Reasons for the SignalMAX Product Range ImprovementRelated Terms:
Reasons for the SignalMAX Product Range ImprovementThe ParkerVision (PRKR) SignalMax router/card pair gives as much as 100% open field range improvement over cheap commodity 802.11b/g routers and cards. This is a 6.0 dB improvement. Furthermore, compared to the Pre-N equipment from Belkin, the SignalMax is about 35% (or 2.7 dB) better in open field range (note that SignalMax was not nearly as good in bit rate or range as the Pre-N for indoor environments). How does PRKR get this improvement? Is this performance improvement due to PRKR D2D technology? No. In fact, the reasons for longer range of PRKR cards have nothing to do with D2D technology. The PRKR information presented here is quoted directly from their September 4, 2003 FCC filing (demonstrating that their D2D technology complies with 802.11 standards) which is found at: https://gullfoss2.fcc.gov/prod/oet/forms/blobs/retrieve.cgi? attachment_id=375611&native_or_pdf=pdf
- PRKR cards use an external low-noise pre-amplifier
- PRKR cards use an external low-noise amplifier
- Cards based on Airgo chips (such as the Belkin Pre-N) also use external low-noise pre-amplifier which results in gains similar for the PRKR card.
- Cheap cards use fully integrated single-chip CMOS transceivers with internal (i.e. CMOS) low-noise preamplifiers, which result in a loss of about 2.0 dB in receiver sensitivity when compared to an external low-noise preamp (as used by the PRKR cards). For about 50¢ more, the cheap cards could improve their sensitivity by another 2.0 dB. Their manufacturers, however, are concerned about eroding prices and rapid technology obsolescence, that they are usually do not invest in improvements.
- PRKR cards transmit more (1.6 to 4.4 times) raw power:
- PRKR cards transmit 132 mW (page 4 of their FCC filing)
- Cards based on Airgo chips (such as the Belkin Pre-N) transmit only 50 mW (as confirmed by Airgo). Therefore, the PRKR card has a net gain of 4.2 dB over the Belkin owing only to raw transmitted power which has nothing to do with D2D technology.
- Cheap cards transmit 30 to 80 mW. This is a gain for PRKR of 2.2 dB over a 80 mW card, and a gain of 6.4 dB over a 30 mW card.
- PRKR cards use high gain antennas:
- PRKR cards use a Skycross antenna having a gain of 2.15 dB (http://www.skycross.com/).
- Cards based on Airgo chips (such as the Belkin Pre-N) use a patch antenna (to reduce costs) with a gain of about -0.4 dB. Therefore, the PRKR card has an antenna net gain over the Pre-N card of 2.1dB+0.4dB=2.5 dB, which has nothing to do with D2D technology.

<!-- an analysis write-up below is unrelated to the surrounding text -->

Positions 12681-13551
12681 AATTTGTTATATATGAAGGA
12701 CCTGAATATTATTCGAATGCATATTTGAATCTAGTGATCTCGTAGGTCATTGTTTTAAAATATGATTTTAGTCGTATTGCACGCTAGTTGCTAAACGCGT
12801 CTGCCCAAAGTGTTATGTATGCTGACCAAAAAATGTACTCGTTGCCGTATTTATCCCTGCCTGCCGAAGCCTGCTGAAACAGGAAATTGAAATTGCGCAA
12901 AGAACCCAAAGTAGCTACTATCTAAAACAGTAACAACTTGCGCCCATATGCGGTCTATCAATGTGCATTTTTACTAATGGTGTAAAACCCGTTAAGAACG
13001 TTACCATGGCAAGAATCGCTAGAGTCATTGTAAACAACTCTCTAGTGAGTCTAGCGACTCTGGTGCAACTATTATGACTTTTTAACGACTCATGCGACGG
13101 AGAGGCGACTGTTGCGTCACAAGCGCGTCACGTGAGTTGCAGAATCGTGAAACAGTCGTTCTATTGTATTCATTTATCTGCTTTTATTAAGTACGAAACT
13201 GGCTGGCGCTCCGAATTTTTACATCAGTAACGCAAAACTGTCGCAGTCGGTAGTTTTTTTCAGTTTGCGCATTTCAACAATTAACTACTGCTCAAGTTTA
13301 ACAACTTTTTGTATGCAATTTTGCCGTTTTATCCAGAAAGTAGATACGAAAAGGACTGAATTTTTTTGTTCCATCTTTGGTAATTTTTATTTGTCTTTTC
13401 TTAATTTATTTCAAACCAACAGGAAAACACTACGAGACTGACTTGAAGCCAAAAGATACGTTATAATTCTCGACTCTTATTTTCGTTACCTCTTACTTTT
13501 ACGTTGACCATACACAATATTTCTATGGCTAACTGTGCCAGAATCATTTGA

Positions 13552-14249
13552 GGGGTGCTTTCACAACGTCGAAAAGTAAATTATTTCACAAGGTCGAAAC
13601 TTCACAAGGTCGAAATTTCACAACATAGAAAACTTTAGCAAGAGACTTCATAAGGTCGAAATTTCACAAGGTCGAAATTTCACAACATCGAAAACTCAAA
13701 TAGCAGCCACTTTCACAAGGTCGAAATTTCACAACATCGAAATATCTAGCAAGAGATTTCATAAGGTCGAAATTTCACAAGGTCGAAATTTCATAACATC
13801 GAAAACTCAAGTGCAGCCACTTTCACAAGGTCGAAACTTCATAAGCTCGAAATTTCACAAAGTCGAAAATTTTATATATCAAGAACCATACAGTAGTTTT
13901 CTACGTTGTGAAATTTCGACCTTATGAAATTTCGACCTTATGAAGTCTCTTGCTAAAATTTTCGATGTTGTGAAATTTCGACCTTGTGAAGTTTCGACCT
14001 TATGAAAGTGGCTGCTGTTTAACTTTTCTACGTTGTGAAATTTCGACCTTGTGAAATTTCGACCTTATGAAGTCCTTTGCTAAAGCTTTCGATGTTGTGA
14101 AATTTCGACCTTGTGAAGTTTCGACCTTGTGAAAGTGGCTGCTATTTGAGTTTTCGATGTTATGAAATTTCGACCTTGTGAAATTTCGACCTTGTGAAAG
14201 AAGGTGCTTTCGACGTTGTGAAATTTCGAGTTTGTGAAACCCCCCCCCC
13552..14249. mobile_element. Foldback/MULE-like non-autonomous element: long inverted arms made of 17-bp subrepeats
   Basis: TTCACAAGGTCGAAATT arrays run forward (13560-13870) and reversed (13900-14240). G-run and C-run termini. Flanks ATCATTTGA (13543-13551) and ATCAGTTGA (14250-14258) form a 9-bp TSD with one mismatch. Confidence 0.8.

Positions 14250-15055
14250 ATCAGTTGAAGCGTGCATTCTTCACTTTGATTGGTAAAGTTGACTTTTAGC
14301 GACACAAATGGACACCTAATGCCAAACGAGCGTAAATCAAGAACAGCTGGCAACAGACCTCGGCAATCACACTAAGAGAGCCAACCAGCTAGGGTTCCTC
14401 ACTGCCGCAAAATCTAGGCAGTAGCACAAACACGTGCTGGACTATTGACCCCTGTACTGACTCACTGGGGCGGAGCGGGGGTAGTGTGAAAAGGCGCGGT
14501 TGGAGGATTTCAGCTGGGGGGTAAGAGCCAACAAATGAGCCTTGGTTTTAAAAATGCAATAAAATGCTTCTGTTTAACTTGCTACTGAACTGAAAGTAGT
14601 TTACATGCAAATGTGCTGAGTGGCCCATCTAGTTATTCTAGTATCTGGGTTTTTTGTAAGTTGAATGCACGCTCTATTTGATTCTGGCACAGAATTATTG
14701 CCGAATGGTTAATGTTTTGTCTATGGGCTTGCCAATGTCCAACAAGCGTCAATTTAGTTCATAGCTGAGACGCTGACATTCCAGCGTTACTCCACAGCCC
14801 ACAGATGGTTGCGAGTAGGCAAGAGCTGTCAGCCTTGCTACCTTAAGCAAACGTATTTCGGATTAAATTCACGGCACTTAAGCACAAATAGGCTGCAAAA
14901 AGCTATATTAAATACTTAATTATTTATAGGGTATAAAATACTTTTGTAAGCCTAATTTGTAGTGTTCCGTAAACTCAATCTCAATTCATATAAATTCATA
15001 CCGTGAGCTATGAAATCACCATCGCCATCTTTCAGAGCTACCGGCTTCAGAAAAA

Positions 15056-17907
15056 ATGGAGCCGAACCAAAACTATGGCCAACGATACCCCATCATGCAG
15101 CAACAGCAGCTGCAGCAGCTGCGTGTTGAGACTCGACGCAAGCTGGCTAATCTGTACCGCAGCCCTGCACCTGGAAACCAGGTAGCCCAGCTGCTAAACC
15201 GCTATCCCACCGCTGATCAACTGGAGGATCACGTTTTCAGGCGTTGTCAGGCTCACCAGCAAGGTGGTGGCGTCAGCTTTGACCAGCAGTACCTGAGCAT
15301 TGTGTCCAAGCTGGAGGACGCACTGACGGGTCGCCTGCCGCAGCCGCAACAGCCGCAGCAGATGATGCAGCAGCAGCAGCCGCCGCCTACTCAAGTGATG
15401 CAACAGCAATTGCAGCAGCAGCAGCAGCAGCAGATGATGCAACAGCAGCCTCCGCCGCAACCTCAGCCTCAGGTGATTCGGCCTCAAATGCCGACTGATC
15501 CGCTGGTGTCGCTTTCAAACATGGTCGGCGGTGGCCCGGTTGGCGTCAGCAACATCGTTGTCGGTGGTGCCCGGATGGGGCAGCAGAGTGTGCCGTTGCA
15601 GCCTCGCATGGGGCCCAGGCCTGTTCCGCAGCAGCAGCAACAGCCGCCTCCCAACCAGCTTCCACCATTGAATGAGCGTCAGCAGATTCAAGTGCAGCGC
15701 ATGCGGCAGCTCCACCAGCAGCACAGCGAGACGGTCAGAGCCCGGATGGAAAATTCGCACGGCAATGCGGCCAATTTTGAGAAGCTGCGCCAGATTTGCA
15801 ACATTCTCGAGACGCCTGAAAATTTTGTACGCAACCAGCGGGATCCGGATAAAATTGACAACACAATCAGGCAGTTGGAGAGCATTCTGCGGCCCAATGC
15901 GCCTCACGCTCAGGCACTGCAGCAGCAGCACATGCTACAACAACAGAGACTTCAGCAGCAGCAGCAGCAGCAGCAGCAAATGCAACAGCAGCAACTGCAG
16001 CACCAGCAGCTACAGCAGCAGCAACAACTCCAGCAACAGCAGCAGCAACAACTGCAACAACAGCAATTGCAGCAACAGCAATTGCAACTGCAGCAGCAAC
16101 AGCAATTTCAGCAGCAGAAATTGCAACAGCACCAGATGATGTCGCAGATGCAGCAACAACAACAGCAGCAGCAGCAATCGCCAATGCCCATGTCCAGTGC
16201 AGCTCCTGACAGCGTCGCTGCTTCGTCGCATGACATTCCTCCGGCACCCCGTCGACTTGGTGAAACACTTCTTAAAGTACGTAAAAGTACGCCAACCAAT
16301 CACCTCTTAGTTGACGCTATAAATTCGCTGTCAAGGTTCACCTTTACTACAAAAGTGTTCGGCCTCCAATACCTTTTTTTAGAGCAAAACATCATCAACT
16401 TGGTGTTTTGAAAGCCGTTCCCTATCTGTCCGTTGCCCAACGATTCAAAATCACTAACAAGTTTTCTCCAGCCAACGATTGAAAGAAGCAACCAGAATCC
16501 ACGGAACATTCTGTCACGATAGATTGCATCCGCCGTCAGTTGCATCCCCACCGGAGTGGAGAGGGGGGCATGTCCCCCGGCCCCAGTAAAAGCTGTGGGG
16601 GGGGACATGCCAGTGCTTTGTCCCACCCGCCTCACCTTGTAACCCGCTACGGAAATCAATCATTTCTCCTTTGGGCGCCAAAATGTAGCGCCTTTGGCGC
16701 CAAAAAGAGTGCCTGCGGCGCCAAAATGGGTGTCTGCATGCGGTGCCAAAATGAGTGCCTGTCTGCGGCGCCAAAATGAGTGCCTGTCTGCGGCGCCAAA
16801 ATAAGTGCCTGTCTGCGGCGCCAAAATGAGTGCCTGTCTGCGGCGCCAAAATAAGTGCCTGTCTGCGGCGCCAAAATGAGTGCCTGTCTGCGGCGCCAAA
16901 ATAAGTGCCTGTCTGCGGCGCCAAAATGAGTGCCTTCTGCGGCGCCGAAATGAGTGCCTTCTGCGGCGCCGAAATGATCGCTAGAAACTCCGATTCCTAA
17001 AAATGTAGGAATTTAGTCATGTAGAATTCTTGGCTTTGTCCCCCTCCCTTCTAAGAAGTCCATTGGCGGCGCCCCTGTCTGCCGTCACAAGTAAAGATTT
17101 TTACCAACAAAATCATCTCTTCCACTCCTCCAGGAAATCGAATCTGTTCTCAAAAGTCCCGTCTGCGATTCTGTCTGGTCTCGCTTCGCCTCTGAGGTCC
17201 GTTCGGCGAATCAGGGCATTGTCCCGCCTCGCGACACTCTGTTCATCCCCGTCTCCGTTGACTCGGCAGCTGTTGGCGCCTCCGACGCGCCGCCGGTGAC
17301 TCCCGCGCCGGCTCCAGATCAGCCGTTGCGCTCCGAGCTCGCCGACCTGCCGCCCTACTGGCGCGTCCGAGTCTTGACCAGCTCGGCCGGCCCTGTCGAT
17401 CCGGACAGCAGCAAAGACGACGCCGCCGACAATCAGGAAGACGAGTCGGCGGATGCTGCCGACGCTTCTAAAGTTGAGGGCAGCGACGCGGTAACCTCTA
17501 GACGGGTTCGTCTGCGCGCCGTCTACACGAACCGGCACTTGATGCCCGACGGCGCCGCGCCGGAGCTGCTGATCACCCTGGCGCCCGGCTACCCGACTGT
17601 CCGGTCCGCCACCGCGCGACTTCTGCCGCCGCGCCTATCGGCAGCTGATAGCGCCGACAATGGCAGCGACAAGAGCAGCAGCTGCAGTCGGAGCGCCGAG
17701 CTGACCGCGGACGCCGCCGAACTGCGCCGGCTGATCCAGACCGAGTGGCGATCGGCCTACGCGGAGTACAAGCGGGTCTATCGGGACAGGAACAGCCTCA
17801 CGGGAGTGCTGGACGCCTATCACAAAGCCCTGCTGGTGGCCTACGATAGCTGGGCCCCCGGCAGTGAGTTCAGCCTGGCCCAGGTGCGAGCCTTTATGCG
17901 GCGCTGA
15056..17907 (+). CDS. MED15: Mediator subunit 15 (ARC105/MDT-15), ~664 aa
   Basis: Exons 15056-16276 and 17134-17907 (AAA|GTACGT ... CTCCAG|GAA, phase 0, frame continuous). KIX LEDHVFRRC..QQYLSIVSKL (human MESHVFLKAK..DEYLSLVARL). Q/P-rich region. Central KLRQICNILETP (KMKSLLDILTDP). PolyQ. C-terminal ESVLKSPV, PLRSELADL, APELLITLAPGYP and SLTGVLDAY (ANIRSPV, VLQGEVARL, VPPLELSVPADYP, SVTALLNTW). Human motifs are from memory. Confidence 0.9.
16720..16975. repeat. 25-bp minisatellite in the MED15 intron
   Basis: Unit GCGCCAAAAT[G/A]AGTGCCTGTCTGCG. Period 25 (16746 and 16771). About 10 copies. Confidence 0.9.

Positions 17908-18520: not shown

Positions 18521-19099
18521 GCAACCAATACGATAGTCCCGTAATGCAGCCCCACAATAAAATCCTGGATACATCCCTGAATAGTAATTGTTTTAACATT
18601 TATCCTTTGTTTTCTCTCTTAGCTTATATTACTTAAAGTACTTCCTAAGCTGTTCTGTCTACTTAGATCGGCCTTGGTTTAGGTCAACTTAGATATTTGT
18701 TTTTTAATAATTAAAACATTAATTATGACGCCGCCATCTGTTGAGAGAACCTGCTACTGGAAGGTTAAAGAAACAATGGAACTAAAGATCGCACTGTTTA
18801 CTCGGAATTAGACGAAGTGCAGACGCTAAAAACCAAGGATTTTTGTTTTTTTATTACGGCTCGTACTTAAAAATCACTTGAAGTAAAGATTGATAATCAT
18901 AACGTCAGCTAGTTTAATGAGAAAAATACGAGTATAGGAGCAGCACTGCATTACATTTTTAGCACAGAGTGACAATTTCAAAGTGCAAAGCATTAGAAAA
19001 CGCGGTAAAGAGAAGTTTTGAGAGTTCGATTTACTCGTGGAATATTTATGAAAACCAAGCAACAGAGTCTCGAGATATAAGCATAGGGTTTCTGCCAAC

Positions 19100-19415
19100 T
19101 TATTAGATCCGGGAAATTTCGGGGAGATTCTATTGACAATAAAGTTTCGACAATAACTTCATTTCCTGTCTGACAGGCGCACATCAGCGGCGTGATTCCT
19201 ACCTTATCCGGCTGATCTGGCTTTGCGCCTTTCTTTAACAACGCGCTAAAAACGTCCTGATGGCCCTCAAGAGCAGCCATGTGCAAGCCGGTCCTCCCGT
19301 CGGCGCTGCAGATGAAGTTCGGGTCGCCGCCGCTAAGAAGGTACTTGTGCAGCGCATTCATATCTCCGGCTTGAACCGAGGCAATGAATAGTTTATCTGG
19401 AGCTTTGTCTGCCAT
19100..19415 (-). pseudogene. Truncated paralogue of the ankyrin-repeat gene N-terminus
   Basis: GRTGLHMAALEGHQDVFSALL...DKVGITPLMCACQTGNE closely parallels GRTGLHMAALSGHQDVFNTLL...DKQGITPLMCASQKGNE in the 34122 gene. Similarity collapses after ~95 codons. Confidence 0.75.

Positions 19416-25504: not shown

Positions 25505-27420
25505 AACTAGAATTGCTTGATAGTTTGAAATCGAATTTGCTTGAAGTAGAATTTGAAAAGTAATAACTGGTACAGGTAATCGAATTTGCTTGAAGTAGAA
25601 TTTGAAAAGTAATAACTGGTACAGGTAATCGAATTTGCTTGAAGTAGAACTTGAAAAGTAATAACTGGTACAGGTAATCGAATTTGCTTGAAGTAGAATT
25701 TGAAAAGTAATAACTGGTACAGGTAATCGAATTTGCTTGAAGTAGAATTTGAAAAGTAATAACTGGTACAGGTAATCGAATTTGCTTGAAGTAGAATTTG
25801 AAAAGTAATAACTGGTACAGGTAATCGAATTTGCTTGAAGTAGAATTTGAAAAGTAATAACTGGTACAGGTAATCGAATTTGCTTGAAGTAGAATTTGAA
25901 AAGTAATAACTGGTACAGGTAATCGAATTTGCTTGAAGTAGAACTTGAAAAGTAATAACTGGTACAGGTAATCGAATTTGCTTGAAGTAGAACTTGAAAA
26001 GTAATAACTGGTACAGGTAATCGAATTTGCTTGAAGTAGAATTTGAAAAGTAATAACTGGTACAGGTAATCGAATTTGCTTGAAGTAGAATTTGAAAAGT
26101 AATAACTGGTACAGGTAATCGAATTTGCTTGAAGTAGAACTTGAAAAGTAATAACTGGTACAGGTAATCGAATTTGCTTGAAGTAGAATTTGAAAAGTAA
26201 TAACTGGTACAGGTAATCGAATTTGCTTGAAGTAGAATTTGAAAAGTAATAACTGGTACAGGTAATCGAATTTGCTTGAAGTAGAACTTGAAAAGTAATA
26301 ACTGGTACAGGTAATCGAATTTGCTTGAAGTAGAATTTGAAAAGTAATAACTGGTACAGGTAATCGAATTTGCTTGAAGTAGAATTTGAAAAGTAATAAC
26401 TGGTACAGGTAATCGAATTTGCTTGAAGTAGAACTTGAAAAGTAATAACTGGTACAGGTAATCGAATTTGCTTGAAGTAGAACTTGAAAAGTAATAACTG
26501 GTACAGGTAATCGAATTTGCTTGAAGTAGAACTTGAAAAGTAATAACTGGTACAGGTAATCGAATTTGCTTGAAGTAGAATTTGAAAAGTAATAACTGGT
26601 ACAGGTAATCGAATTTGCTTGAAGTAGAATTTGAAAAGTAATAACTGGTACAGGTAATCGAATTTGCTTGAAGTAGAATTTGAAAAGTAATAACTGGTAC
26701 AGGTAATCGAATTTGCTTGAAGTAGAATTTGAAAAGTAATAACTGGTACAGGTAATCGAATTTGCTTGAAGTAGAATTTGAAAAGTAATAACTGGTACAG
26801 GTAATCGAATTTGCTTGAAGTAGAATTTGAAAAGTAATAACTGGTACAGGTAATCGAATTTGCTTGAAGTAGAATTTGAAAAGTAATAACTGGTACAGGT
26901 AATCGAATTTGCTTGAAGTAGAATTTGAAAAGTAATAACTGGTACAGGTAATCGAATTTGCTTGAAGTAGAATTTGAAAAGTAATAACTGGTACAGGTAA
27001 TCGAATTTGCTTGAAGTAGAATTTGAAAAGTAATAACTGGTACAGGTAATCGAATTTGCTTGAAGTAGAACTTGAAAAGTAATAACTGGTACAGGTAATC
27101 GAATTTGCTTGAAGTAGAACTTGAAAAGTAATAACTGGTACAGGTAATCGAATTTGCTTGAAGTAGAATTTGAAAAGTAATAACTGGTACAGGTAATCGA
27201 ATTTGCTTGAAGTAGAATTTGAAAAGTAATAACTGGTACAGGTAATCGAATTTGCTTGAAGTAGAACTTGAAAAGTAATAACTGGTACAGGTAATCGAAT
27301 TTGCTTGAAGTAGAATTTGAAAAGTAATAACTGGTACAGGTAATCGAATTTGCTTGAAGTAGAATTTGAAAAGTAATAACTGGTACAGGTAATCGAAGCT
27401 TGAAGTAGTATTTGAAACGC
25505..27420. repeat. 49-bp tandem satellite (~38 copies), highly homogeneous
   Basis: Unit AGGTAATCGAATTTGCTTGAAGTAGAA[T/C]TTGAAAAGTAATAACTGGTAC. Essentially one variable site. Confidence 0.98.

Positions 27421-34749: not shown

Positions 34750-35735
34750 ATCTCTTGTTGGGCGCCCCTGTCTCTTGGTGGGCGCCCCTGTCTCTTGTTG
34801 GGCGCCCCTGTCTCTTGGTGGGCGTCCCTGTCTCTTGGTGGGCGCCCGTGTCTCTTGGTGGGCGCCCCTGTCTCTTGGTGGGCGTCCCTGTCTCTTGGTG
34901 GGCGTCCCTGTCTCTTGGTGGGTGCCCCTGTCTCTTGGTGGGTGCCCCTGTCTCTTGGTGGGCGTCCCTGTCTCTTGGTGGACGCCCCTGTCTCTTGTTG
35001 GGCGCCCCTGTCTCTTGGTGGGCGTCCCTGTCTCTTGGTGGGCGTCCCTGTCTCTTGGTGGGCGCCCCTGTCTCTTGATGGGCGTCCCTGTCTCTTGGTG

- Cheap cards use even cheaper types of antennas (such as printed antennas) which typically have gains ranging from -1 to 0 dB. This is a gain for the PRKR card of 2.1 dB to 3.1 dB over the cheap cards.
- PRKR cards use TWO antennas connected to TWO receivers:
- PRKR cards use two antennas (true diversity) which results in an average gain of 3 dB (it’s statistical – sometimes less, sometimes more). Also the PRKR router appears to send all traffic over each antenna – in sequence. This already results in a statistical gain of 3 dB (i.e. it is another form of transmit diversity), but at a very significant bit-rate reduction. Note that the receiver and transceiver diversity don’t sum, since one is either transmitting or receiving but not both. In any case, these techniques result in an average gain about 3 dB
- Cards based on Airgo chips (such as the Belkin Pre-N) also use diversity which results in similar gains to the PRKR card.
- Cheap 802.11 cards do not use diversity (to save on duplicate components). Therefore the PRKR card has a gain of 3 dB over the cheap cards.
Summing all of the gains, we would expect that the PRKR SignalMax router/card pair to have the following range improvements over:
- Cards based on Airgo chips (e.g., Belkin Pre-N):
0 + 4.2 + 2.5 + 0 = 6.7 dB
- Cheap 802.11 cards:
maximum of 2.0 + 6.4 + 3.1 + 3.0 = 14.5 dB minimum of 2.0 + 2.2 + 2.1 + 3.0 = 9.3 dB Since in real testing, we and others observe about a 2.7 dB gain in range over the Belkin Pre-N, we can conclude that the SignalMax receiver is about 6.7- 2.7 = 5.0 dB LESS sensitive than the Airgo receiver! The current SignalMAX products do not clearly demonstrate any inherent advantage of D2D. In fact, our calculations indicate that the D2D-based SignalMax receiver is 5.0 dB (or 1.8 times) “worse” than the Airgo receiver.